Throughout my internship at the Department of Transportation (DOT), I have found myself challenged and enriched.  I was challenged to learn at the fastest rate possible.  It has now become apparent the reasons for taking the necessary classroom training to accomplish this internship/job.  Without the classes I have taken, the learning curve would be greatly slowed.

In my internship I was able to function, participate, and contribute in a professional work environment.  It was pleasant to be able to work with people who shared the same sorts of backgrounds and experiences.  I found the people I worked with easy to be around and very helpful with teaching me the numerous new tasks I encountered on a daily basis.  I was able to study many different aspects of the Environmental Office. This included its necessary role in the way things function as one unit at the DOT.  I was able to learn about the environmental factors, compliance, and conditions, in a transportation design and construction application.

Through the duration of the internship I was also able to use and enhance my knowledge of GIS and ArcView.   This came with great pleasure, as I was able to do real-life problem solving, making the rewards radiant.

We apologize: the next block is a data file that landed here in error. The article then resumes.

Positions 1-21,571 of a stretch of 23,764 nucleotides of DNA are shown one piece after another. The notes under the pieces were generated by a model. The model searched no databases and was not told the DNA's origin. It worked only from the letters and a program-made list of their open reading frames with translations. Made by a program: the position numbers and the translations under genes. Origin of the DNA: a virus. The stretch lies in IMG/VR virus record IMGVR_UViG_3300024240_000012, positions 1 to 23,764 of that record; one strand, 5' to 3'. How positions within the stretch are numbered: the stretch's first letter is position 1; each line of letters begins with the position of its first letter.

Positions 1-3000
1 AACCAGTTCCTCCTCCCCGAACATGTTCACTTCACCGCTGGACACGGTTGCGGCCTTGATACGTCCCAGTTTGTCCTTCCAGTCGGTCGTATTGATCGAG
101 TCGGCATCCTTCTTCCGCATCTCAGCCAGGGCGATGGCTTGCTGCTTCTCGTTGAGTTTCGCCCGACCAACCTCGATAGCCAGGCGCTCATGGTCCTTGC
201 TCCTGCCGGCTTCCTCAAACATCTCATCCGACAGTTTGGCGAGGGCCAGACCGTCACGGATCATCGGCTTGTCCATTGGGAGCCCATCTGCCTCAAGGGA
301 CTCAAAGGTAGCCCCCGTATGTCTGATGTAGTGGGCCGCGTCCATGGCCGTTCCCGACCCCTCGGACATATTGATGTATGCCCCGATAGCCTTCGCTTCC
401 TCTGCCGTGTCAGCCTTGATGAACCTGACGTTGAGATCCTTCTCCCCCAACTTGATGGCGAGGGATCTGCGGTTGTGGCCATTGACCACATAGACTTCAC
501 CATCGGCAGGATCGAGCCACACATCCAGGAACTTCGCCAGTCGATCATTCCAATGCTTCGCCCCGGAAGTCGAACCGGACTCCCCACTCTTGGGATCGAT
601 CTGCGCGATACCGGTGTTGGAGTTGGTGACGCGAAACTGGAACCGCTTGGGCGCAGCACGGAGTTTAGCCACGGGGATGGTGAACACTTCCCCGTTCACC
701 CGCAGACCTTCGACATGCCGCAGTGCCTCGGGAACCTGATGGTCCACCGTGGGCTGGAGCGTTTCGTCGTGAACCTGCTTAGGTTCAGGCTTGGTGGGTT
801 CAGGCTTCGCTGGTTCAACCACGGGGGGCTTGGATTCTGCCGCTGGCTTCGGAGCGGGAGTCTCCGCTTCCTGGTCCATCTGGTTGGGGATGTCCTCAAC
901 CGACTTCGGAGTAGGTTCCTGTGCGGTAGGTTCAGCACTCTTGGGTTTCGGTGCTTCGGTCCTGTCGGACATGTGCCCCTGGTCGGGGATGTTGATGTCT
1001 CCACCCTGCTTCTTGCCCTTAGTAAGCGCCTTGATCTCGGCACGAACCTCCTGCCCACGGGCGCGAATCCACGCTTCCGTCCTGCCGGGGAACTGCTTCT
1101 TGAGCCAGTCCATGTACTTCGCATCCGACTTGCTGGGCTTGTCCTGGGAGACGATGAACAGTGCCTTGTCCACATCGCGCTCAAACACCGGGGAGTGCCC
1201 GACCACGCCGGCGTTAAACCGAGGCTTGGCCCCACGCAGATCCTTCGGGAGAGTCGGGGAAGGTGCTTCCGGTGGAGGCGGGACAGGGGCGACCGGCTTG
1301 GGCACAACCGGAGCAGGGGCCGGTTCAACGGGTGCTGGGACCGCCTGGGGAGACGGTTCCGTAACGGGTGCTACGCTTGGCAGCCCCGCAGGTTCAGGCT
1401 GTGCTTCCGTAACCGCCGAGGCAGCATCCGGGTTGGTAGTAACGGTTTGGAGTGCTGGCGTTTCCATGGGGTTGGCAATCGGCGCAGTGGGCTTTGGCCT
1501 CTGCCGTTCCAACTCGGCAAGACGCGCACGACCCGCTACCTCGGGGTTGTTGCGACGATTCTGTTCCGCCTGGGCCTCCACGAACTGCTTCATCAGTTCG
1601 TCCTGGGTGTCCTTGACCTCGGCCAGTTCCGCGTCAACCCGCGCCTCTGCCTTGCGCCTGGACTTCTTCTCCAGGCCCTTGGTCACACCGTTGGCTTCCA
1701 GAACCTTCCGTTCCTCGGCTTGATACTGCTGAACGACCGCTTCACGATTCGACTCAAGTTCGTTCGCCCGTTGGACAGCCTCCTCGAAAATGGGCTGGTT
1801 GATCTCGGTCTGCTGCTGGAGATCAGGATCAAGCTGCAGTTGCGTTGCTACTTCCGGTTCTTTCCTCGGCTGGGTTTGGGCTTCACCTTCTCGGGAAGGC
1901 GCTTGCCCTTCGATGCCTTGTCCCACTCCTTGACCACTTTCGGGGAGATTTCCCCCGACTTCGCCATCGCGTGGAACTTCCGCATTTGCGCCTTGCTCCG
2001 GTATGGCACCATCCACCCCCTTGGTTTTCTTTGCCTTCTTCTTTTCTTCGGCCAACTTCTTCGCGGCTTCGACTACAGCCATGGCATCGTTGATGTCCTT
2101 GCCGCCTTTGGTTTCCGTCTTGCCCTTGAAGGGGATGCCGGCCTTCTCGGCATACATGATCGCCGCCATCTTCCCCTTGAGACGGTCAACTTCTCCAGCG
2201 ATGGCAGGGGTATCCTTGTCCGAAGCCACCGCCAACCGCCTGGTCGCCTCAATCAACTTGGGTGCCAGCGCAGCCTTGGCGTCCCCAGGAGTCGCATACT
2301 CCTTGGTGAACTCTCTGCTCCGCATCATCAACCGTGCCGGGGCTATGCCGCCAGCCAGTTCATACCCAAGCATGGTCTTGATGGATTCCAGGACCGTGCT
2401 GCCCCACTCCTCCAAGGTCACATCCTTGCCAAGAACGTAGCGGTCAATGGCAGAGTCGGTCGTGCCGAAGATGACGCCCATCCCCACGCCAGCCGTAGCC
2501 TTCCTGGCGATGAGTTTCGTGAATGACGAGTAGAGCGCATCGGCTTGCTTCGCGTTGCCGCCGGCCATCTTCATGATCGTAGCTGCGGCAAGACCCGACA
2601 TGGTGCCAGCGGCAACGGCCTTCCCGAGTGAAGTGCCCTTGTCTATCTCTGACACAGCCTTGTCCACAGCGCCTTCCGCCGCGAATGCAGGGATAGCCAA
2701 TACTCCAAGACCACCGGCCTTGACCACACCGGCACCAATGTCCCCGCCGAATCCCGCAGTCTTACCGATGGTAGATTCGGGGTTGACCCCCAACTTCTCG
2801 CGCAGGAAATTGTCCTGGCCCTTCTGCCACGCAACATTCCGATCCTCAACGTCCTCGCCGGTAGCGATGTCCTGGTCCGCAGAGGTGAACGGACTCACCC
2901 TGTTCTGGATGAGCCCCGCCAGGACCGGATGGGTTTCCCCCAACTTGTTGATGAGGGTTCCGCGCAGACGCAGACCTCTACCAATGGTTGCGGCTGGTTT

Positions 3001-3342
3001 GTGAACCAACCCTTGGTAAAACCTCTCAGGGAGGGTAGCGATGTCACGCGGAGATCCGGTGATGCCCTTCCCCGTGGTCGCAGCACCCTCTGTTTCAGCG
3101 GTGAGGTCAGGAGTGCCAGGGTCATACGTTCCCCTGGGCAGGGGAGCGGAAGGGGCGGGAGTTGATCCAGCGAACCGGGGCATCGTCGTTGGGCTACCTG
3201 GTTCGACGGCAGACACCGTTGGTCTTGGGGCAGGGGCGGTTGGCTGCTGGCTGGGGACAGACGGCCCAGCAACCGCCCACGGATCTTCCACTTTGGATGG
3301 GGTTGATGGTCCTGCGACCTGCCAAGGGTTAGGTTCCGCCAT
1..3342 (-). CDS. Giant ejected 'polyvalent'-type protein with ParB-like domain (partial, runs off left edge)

Overall, I feel that my internship experience at the DOT far exceeded my expectations.  Through the trust and good faith of the Environmental Office, I was able to gain knowledge and self-confidence that is not possible in a classroom environment.  I would eagerly encourage anyone looking for a good learning and eye-opening experience to follow the same path.

Diane E. McGuerty, Washington State Parks-Eastern Region HQ, Wenatchee, WA
Diane has been working for Washington State Parks this summer in the position of a Senior Park Aide.  This means she is "in a position to leave notes for everyone else on what to do."  She has found it a very interesting experience dealing not only with the public but also interacting with other employees in a new light.  The reason for that is that she has "previously worked for State Parks since 1996 in other positions without much authority (at least on paper)."  She has enjoyed this summer learning about all the forms that must be filled out for "the acquisition of not much."      She says that "trying  to explain in the clearest of terms the acceptable methods of cleaning toilets (as in not with the same sponge you are using on the sink)", is a real challenge. She has a few choice thoughts about the mysterious RNW (or, Reservations Northwest) that works diligently to confuse campers and employees alike with charging various fees for this that and everything.  Diane has actually found it to be a  pretty good summer so far, and is hoping it continues smoothly for the rest of her experience.